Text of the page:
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Doctrines & Morals

Broken heart



Let your heart be broken…


My dear brothers and sisters in Christ, welcome to the Season of Lent.  This is a season that brings to focus more than any other, the mercy, forgiving and healing love of God.  The season of Lent spans between Ash Wednesday and Holy Saturday—a period of 40 days (Latin-Quadragesima). Lent is a time of fasting, penance, prayer, almsgiving, preparation for, or recollection of baptism, and preparation for the celebration of Easter. Catechumens are therefore taken through the rites of initiation during this period.  For those who are already baptised, the Season is that of renewal of their baptismal promises, which is done at the Easter vigil celebration, so the need for the period of preparation as well.


Ash Wednesday, is the first day of Lent. On this day ashes from palms of previous Palm Sunday are placed on the foreheads of the faithful to remind them of death, of the sorrow they should feel for their sins, and of the necessity of changing their lives. This practice, dates from the early Middle Ages. The words of God to Adam in the Bible are often used in the ceremony: “You are dust and to dust shall you return.” Or “Repent and believe the goodnews.”


First reading (Joel 2: 12-18)

At the time when a swarm of locusts had made all the fields into barren deserts in a few hours, which meant famine, the Prophet and the people understood that this was the punishment deserved for unfaithfulness to God. Penance is therefore a ready acceptance of punishment which includes a plea for forgiveness.  The Prophet Joel appeals, “Return to me with all your heart, with fasting, with weeping, with mourning.”  Here is an appeal from God himself to his people.  Just like any father who is not willing to punish, he calls us to return home to him.  God knows we are human and that our weakness could sometimes be a hindrance to our return to ask for forgiveness. He is not even waiting that we come, he is the one appealing. Shall we take God’s mercy for granted? There is the need to use the sacrament of reconciliation as a springboard back to holiness.  God is not tired of forgiving you, why are you tired of going to confession.  It is possible to say, ‘but I have confessed this same sin over and again’, God wants you to make effort at not returning to sin.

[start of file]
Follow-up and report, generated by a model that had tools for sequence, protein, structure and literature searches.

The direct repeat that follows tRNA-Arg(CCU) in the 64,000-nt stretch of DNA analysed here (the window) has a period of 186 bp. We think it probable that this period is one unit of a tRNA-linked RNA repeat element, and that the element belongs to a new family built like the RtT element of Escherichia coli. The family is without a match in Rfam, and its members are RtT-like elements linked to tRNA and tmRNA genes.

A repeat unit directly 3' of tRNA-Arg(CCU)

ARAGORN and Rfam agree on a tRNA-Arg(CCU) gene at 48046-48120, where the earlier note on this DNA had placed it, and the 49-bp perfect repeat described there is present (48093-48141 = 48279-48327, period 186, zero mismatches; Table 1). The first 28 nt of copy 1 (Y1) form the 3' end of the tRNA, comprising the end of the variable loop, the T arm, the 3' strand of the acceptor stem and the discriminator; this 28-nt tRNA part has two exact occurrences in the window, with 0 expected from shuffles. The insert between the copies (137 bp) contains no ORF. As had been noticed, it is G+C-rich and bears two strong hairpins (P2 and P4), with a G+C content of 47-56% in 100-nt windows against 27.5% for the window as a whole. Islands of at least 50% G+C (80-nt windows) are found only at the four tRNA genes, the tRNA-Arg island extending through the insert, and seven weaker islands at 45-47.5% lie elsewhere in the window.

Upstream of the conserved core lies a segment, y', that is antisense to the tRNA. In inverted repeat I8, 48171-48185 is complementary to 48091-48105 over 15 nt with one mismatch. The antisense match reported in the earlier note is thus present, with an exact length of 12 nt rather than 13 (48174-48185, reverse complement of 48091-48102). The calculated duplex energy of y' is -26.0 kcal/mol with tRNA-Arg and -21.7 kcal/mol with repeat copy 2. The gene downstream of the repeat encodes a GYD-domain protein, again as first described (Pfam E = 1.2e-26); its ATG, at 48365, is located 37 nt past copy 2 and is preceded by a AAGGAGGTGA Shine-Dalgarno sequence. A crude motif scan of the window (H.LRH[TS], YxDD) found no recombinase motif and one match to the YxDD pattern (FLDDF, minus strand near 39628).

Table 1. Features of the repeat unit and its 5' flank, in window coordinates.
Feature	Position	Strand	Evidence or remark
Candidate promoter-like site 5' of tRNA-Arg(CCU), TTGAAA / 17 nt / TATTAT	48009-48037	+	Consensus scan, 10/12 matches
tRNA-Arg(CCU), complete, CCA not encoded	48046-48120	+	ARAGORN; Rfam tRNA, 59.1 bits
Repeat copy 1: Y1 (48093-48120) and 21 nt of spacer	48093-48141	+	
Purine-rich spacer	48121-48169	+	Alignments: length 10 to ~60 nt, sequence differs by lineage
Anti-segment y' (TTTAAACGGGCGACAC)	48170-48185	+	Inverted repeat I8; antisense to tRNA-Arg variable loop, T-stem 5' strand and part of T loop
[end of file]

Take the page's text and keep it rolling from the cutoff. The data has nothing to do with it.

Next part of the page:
Joel also invites us “Tear your heart and not your garments.”  Do we feel sorrow for our sins, for deserting the Lord?  Joel reminds us that it is not really the externals that matter.  It is the heart.  We should focus more on the internal transformation. 


Gospel (Matthew 6: 1-6, 16-18)

Matthew  tells us that we do not need to parade our good deeds before all, or we will already be earning our reward in the sight of men. We need to do our good deeds discretely.  God who sees all that is done in secret, will reward us for these.


The observance of Lent should include, “alms-giving.”  In this the Lord expects us to look kindly on our fellow men and give to those who are less privileged. It is not just giving money to people on the street.  It includes empowering people to be able to make money themselves.  Those who are in the position to do so, should provide jobs for others.  We should stop impoverishing our people.  All embezzlements must stop. The politicians should stop playing pranks with our resources.  This is the real way to give alms to the poor.


We also need to “pray.”  Our attendance at Mass, stations of the cross, retreats and personal and family prayers are important during this period. Let us pray for our nation. This nation needs divine intervention in a more drastic way.  It will take our collective efforts in prayer and good works to achieve this.


We need to “fast.”  It is not just going without food, but also giving that which is saved to those who do not have something to live on. 


Paul therefore appeals to us in the second reading (2Corrinthians 5:20-6:2).  “It is as if God is appealing through us, and the appeal we make in Christ name is : be reconciled to God.  It is for our sake that God made the sinless one into sin, so that we in turn might become the goodness of God.  So do not neglect the grace of God that you have received.  Now is the favourable time; this is the day of salvation.” The dust that is scattered on your forehead today is a reminder of the fact that, ‘you are dust and unto dust shall you return.’ It is a reminder of death and burial, a reminder of God’s judgement. A reminder of the nothingness of the things we struggle to amass here on earth.


Let us pray: Lord grant us your mercy and grant us your healing. Amen. May the Almighty God bless you, the Father and the Son and the Holy Spirit. Amen

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